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Nitzavim & Vayelech: A D’var Torah

By Marlana Fireman, NFTY-OV Religious and Cultural Vice President

D’var Torah 8.31.13
Nitzavim + Vayelech

This week’s torah portion is actually a double portion – we read both Nitzavim and Vayelech. This is partly because all of the Torah portions don’t fit in a lunar year (there are 54 torah portions and only 50 weeks in a lunar calendar), and partly because these two portions flow into each other almost seamlessly as the Torah begins to wrap up. In short, Moses tells the Israelites that he isn’t going into Israel with them. He’s too old. At 120, he isn’t exactly a spring chicken and he appoints Joshua to lead the Israelites into the Promised Land. God appears to Moses and Joshua in a pillar of smoke, warning them that the Israelites will soon try to go against their covenant with God. God teaches them a little song to pass on the Israelites that nicely reminds them of how the Promised Land is flowing with milk & honey, and that God is leading them there.  And if they don’t follow the Torah, God will kill them by plaguing them with, well… plagues. (Boils, the fever, toads, the whole bit.) Moses presents God’s song to the Israelites, and rightfully scares them, telling them that if they stray from the Torah, God will take every plague in the book (literally) and hit them with it. Hard. For this, Moses had gathered everyone. From the high priests to the people that fetch water from the well, so that he can tell them what God had said. He tells them that they’re basically signing a covenant, right there. The coolest part is, in the Torah, it says; “On this day…” meaning that as you read the portion, you’re signing this covenant with God too.

Finally, after 40 years, the Jews are about to enter the Promised Land. We always hear the phrase “40 years in the desert” and that’s about it. 40 years. But let’s put that into perspective a little bit. Say the Israelites ate about three meals a day in the desert, for 40 years, that makes about 43,800 meals over their 40 year trek in an average of about 90°F weather every day. That’s a long time to be walking on hot sand.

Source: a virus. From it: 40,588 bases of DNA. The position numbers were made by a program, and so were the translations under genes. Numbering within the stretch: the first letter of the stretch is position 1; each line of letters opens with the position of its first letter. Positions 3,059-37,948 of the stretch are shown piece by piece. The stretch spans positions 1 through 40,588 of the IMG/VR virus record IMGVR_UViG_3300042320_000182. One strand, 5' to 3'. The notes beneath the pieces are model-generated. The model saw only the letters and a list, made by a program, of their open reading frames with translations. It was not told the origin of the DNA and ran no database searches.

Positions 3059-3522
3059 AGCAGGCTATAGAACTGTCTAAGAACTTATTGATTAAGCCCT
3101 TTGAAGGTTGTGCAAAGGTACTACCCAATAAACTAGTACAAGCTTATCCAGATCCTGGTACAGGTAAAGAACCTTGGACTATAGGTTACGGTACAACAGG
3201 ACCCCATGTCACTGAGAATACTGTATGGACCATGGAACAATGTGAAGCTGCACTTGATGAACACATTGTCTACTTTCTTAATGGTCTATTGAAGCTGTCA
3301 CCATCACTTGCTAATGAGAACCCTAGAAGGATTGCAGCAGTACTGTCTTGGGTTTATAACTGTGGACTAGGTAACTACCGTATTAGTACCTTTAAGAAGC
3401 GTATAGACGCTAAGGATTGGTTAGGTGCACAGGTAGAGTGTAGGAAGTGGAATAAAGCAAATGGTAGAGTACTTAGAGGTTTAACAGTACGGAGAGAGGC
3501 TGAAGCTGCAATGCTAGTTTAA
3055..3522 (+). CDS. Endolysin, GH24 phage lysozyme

Fast forward a lot of years. On this day in 1803, Lewis and Clark left Pittsburgh and headed west. I can’t say it took them 40 years to get from Pittsburgh to the west coast, but it did take about two years, which is still a really long time. That’s about 1,460 meals. Just like the Israelites did with God, Lewis & Clark made a covenant with America that they would journey on to see what lies west. Sounds pretty familiar to me. Just like the Israelites, Lewis & Clark had no idea what lay ahead as they started their journey, only being empowered by the promise of something wonderful when they got to the end. And like the Israelites, Lewis & Clark started and stopped, wove through the land, and hoped that they would soon find what they were looking for. The Israelites were led by Moses, but truly through the hand of God. Contrary to popular belief, Sacagawea wasn’t truly a guide to Lewis & Clark, but did help them interpret and make peace with indigenous peoples as they went through their journey. (She also did it while caring for a newborn baby.) But, she is comparable to Moses in the way that she became an interpreter, much like Moses was a translator, as he was one of the few people that spoke with God, and was able to relay God’s messages on to the Jewish people.

So you might be wondering, why am I comparing the Israelites journey to that of Lewis & Clark? Because they all struggled to get where they needed to go. From the golden calf on Mt.Sinai, to Lewis accidentally being shot in the thigh, from the parting of the Red Sea to Sacagawea giving birth on the trail, we’ve learned that no journey is an easy one. Each year of your life is a journey, and each of us finds ourselves here, starting a new one. Some of us seniors, starting our last high school journey toward the Promised Land called college. Or even for some of us, the actual Promised Land. Freshmen, who find yourselves journeying through uncharted high school territory and even journeying through this exciting new path called NFTY. And those of you in between, who are in the middle of your high school journeys, some of you still trying to get your bearings in high school and others already ready to depart from the desert that is high school. We’ll all have our struggles through our various journeys, whether they be from mean teachers, stressful jobs, loads of homework, Mean Girls-esque cliques, choosing a college, or even deciding what to run for on your TYG board next year. In conclusion remember this: just like Lewis & Clark had Sacagawea and the Israelites have Moses, you have your own guide to interpret your high school journey as you travel along: NFTY. Whether you accidentally got shot in the thigh because your hunting companion thought you were an elk, or you’re standing in front of hundreds of people bowing to a golden calf and you can’t decide how to tell them they’re not doing it right, remember that you have NFTY by your side. As your journey continues on, whether you’re a freshman, sophomore, junior or senior, remember that when you need support, NFTY is there. Let NFTY be your Moses, leading you to explore your religion, find support, make friends, and get to the “promised land” of college. Remember that in the desert of high school, NFTY will always be your oasis.

Shabbat shalom.